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Israel Restaurants

Abu Shukri
63 Al Wad Road
Tel: 972 2 627 1538

Perfect for families and large groups, this favorite spot for traditional Palestinian food specializes in hummus, falafel, salads, and grilled meats. Although located deep in the Muslim section of Jerusalem's Old City, Abu Shukri is so well known that any local can easily offer directions to the street (one of the quarter's main thoroughfares) that it's on.

Open 8 a.m. to 5 p.m.

10 Agrippas
Tel: 972 2 624 9138

Chef Ezra Kedem's Arcadia is easily the top table in Jerusalem. Kedem transformed an atmospheric old building into a slice of Provence in the Holy City—complete with authentic stone arches and floors—but relies on local ingredients, often sourced less than 30 miles away, when preparing his dishes. Standouts on the Israeli–Mediterranean menu include a seafood salad of octopus, shrimp, and blue crab, eggplant carpaccio, and lamb chop ragoût.

8 Shlomzion HaMalka Street
Tel: 972 2 622 2293

First opened in 2005 and set behind a wall of street-front windows in downtown Jerusalem, Canela got a major overhaul in late 2008 with the arrival of young chef Lior Haftzadi. He has given the contemporary Mediterranean bistro a lighter, fresher touch, focusing on seasonal ingredients and top Israeli wines. Now considered a leader in Jerusalem's culinary upswing, Canela is luring both young Jerusalem professionals and more adventurous religious types. Like most Jerusalem restaurants, Canela is kosher: Its meat-based menu eschews all dairy products. Instead, you'll find unexpected touches of Asian and Middle Eastern flavors on the menu. An appetizer of chestnut gnocchi, for instance, arrives colorfully spiked with chives and bathed in a sauce of coconut milk. Grilled chicken livers—an Eastern European classic—are surprisingly sweetened with dates, while raisins add texture and taste to a hearty beef stew. Book a window seat to watch the downtown Jerusalem bustle, an urban tableau ranging from skater kids to ultra-Orthodox rabbis.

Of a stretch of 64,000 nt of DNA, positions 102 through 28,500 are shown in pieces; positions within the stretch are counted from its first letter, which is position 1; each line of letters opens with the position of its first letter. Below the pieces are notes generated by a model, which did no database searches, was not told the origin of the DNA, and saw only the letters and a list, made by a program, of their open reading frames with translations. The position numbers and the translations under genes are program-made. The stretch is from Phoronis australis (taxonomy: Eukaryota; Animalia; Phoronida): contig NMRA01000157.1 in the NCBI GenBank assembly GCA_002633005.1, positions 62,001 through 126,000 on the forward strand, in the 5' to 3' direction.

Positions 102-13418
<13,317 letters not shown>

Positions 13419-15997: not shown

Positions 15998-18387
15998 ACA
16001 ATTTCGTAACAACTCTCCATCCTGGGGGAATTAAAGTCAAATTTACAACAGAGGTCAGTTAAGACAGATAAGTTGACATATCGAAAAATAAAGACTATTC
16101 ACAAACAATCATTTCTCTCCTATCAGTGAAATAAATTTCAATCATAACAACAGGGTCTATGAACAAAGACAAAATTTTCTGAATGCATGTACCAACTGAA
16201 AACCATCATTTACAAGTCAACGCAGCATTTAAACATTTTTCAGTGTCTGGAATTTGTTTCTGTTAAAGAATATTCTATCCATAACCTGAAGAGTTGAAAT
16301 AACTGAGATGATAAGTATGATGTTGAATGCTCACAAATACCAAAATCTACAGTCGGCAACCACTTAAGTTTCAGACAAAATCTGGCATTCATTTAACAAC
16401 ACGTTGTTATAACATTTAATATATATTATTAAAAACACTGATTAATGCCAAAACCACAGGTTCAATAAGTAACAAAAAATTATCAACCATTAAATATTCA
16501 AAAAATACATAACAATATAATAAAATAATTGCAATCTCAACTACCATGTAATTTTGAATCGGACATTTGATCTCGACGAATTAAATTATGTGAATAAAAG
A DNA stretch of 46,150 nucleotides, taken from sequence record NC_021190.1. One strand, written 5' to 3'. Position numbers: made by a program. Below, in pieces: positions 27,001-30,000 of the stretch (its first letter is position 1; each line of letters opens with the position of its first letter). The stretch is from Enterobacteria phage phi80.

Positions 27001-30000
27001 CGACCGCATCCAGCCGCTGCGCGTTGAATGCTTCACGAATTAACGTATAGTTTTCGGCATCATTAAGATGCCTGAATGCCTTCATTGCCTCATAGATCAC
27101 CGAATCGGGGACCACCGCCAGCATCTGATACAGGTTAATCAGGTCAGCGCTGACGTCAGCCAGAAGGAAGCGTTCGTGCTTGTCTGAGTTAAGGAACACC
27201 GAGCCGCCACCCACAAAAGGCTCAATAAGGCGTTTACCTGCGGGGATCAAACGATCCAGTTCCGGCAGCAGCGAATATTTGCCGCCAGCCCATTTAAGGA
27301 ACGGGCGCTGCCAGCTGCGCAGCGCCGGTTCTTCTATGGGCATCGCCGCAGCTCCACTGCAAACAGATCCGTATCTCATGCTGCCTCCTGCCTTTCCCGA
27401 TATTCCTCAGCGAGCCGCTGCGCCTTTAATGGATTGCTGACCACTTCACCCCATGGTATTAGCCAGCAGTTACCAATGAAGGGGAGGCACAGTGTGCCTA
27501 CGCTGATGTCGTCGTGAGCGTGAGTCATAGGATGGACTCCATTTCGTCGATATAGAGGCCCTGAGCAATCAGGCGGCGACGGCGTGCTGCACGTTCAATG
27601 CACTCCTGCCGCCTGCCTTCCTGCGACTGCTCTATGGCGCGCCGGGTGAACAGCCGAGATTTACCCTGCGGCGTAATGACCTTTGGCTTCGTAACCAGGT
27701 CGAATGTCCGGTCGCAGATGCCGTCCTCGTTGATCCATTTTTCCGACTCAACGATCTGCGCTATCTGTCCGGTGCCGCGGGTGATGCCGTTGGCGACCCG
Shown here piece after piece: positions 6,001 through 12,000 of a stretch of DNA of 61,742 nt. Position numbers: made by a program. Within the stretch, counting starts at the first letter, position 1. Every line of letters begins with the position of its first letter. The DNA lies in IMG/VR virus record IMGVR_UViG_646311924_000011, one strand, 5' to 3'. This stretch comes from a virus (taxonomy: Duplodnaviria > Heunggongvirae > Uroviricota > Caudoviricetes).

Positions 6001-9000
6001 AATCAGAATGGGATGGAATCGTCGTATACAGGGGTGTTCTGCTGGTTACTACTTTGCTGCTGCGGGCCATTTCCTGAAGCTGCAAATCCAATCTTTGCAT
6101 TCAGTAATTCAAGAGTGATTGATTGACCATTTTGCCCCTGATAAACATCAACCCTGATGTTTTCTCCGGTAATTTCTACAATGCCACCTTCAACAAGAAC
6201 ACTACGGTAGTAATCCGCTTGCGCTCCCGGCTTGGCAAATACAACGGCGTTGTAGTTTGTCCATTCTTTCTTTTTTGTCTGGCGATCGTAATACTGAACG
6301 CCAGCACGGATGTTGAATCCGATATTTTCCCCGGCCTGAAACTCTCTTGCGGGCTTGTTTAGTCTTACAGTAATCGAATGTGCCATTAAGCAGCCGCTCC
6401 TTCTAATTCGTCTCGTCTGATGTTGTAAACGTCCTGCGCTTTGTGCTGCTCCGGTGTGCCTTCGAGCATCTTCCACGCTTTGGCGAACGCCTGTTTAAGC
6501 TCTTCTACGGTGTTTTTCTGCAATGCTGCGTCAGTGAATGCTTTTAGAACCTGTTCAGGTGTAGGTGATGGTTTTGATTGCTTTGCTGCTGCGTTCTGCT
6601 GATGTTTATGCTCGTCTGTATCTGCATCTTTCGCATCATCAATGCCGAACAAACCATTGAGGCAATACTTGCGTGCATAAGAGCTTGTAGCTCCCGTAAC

Open Sundays through Thursdays noon to 4 pm and 6 pm to midnight, Fridays 11am to 3pm, and Saturdays after sundown to midnight.

4 Haychal HaTalmud
Tel Aviv
Tel: 972 3 510 7001

In the fall of 2006, longtime favorite Catit left its original rural location and brought its innovative cuisine to an Ottoman-era villa in Tel Aviv's Neve Tzedek district. The new digs have original tile floors, delicate wall stenciling, a trio of demure glass-enclosed dining rooms, and a walnut bar. Chef Meir Adoni's menu betrays his Cordon Bleu schooling but doesn't stray too far from Levantine flavors: Slow-cooked lamb osso buco is served on a bed of Jerusalem artichoke cannelloni; mozzarella-filled veal meatballs in a chicken and sage sauce are nestled on a cloud of polenta; a traditional goat cheese–filled kadaifa (Arabian filigree pastry) is drenched in honey rosewater and paired with sage ice cream. Although it's pricey, Catit is filled with local foodies and deep-pocketed visitors who stick around afterward for drinks in the back garden.

Comme Il Faut Café
Hangar 26
Tel Aviv
Tel: 972 3 544 9211